Australians are getting richer again, for the first time in almost two years.
Bureau of Statistics figures released Friday show household wealth rebounded in the June quarter after sliding for six consecutive quarters.
From peak to trough wealth per person slipped from $58,900 to $35,000 - an extraordinary drop of 40 per cent. In the June quarter it bounced back 9 per cent, to $38,000.
The measure includes household wealth held in the form of cash, bank deposits, bonds and shares, net of borrowing but significantly excludes wealth held in the form of superannuation and real estate.
"It's the share market that's doing it and it will continue," said Commonwealth Securities economist Savanth Sebastian who calculated the per-capita figures...
"Equity markets have rallied by over 50 per cent so far this year so there will be more in coming quarters. The pickup in business and consumer confidence will help as well."
Companies are also better off as a result of paying down debt while raising a record amount of new equity.
Non-financial companies raised a record $29.7 billion in June quarter by issuing new shares. Net company assets have jumped to their highest level on record.
The Financial Accounts lend weight to an assessment by the Reserve Bank in its Financial Stability Review this week that Australia's recovery is under way.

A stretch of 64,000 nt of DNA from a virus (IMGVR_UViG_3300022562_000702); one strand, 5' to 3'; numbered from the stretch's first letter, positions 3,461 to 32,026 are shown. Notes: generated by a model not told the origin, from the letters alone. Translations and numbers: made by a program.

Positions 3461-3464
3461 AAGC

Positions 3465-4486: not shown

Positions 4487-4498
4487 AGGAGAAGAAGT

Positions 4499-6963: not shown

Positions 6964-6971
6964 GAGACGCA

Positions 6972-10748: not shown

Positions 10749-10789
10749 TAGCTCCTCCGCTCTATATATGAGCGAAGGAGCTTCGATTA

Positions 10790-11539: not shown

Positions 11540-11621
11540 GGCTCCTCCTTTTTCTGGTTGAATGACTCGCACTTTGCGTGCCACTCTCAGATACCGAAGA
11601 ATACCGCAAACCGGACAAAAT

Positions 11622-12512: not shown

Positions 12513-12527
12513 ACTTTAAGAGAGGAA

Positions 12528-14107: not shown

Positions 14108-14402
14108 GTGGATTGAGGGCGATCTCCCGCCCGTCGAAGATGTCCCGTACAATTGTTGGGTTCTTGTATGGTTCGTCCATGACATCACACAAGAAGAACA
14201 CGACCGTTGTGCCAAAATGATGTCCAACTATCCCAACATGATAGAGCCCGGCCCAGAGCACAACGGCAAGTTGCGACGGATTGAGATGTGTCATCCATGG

Governor Glenn Stevens will be quizzed about about it at a Sydney hearing of the Senate's economics committee on Monday.
Treasury Secretary Ken Henry was to front the committee Monday but yesterday asked for a delay of a fortnight to give the Treasury further time to prepare briefing materials.
He told a business audience in Brisbane Wednesday that a sustained recovery depended "on the continued implementation of existing stimulus commitments".
"The fiscal stimulus has been designed so that it withdraws gradually," he said. "Withdrawing the stimulus more quickly would risk stalling the economy and causing a steeper rise in the unemployment rate."
Updated Westpac forecasts suggest Australia's net foreign debt will now top out at $108 billion rather than the $188 billion forecast in the May budget.
Published in today's SMH and Age